Egypt’s public prosecutor office said on Saturday it had received complaints accusing ousted President Mohamed Mursi and members of his Muslim Brotherhood of spying, inciting the killings of protesters and damaging the economy.
Al Arabiya’s Cairo correspondent reported that the prosecutor’s office said it was investigating the complaints to allow those accused to be questioned.
Egypt's legal system allows prosecutors to investigate complaints made by the police or by any member of the public. It can take days or months for formal charges to appear.Prosecutors rarely issue statements based on complaints before charges are filed.
The statement named eight other Islamist figures including the Brotherhood's top leader, Mohamed Badie, and the deputy leader of its political party Essam El-Erian, and said others had also been named.
Mursi, the country's first freely elected president, was ousted by what many of his supporters regard as a military coup.
The Muslim Brotherhood is now in decline in the country, with many of its leaders arrested or in hiding following the ousted president’s overthrow on July 3.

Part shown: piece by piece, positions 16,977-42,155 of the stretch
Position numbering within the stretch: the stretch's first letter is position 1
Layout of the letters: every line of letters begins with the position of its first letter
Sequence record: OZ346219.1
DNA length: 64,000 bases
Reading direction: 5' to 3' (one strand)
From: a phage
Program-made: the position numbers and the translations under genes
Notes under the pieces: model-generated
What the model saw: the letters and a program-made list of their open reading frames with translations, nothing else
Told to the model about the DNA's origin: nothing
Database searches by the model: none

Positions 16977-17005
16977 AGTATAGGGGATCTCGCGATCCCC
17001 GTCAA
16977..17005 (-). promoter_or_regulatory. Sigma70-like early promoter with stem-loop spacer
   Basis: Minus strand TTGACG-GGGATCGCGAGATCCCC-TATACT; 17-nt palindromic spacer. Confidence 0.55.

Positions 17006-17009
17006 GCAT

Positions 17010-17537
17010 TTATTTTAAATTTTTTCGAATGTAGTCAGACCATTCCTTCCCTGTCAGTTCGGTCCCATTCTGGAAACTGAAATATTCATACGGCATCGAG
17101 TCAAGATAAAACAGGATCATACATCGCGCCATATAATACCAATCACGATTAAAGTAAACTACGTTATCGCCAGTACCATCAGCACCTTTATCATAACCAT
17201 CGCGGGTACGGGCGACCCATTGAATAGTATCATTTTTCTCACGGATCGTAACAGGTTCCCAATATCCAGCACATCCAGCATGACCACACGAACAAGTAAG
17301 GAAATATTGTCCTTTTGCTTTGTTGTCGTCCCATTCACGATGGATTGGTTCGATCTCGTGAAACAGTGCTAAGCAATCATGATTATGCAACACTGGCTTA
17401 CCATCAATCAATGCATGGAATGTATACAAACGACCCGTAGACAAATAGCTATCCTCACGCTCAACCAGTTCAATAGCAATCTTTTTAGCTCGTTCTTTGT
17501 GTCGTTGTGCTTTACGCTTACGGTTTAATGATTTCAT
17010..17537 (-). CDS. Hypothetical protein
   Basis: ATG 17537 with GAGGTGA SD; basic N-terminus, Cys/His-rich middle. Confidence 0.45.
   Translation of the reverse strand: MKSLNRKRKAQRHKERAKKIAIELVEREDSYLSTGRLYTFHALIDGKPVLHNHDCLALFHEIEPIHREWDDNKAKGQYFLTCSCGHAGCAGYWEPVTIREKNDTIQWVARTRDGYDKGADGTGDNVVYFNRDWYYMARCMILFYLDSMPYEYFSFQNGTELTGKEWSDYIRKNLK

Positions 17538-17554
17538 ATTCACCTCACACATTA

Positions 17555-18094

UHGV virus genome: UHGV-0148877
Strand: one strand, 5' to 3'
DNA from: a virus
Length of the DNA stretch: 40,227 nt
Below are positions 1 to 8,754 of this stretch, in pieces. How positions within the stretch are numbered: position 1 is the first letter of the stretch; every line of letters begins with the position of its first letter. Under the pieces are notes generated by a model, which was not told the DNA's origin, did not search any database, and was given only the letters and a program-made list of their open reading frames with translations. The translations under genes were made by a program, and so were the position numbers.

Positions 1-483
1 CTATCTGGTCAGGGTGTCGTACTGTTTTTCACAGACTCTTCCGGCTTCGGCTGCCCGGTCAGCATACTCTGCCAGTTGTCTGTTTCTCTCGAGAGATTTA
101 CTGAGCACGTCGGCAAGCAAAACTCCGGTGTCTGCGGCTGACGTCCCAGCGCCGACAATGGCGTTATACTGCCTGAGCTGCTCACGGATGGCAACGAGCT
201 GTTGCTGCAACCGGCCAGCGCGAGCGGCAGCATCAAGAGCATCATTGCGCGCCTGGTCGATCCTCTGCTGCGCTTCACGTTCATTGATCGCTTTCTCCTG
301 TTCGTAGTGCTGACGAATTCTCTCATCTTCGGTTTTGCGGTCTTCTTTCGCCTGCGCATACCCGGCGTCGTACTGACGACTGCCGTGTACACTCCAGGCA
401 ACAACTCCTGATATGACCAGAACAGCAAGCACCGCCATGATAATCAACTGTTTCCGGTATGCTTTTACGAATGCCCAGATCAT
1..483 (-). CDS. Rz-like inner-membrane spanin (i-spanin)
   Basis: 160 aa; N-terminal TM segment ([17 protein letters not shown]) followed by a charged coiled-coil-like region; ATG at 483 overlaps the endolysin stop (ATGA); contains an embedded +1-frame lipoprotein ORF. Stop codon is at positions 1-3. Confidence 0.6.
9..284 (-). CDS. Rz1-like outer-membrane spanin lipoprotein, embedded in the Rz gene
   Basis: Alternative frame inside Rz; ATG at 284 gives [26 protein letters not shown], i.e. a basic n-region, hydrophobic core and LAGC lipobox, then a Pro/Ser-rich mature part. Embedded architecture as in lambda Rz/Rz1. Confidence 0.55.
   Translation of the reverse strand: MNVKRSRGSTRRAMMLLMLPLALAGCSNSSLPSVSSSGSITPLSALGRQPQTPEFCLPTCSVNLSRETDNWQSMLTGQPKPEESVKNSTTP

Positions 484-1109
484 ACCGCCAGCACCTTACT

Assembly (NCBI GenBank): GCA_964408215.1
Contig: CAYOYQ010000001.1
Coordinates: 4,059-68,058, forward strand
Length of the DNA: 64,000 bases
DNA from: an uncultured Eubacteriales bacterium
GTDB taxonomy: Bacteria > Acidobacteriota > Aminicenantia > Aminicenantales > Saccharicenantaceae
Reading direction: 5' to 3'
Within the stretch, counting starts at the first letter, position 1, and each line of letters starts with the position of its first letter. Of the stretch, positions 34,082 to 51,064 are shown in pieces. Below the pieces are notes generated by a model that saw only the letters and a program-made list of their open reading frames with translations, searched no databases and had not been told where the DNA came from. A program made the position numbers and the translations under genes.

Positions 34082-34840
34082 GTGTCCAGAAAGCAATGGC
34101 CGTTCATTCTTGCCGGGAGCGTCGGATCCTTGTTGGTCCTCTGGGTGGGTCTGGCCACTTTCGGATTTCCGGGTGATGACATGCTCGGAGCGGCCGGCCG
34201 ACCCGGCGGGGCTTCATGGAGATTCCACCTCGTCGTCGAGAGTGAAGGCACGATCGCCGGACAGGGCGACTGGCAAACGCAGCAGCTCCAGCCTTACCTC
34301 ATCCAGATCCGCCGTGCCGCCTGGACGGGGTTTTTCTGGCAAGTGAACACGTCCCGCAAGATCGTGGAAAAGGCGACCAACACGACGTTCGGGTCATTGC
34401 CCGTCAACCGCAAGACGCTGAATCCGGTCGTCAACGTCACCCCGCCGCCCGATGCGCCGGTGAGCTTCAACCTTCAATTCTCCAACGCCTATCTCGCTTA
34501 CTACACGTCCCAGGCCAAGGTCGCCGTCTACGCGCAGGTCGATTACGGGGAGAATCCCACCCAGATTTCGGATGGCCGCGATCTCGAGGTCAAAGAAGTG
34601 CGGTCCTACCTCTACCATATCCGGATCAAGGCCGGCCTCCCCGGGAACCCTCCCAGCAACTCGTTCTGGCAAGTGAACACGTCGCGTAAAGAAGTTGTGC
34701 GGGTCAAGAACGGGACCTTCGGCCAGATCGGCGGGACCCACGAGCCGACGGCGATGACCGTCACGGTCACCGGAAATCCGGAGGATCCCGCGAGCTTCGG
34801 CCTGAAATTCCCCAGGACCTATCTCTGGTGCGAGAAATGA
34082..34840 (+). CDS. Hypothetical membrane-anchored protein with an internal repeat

Mursi was accused of concentrating power in the hands of the Brotherhood, sending the economy into free fall and failing to protect minorities.
But his supporters argue that his removal from power was a flagrant violation of democratic principles and tens of thousands have taken to the streets to demand his reinstatement.
“There will be another mass protest on Monday,” a Muslim Brotherhood spokesman said on Saturday, a day after tens of thousands of Mursi's supporters rallied in Cairo.
Protesters are also expected to march on Monday to the Cairo headquarters of the elite Republican Guard, scene of deadly clashes last week, the spokesman, Tareq al-Morsi, said.
“It will be peaceful,” he told AFP.
On Friday, Washington and Berlin called on the military to release Mursi, who has been in custody over a week ago. Egypt’s interim leaders said Mursi is “in a safe place, for his safety.”
(With AFP and Reuters)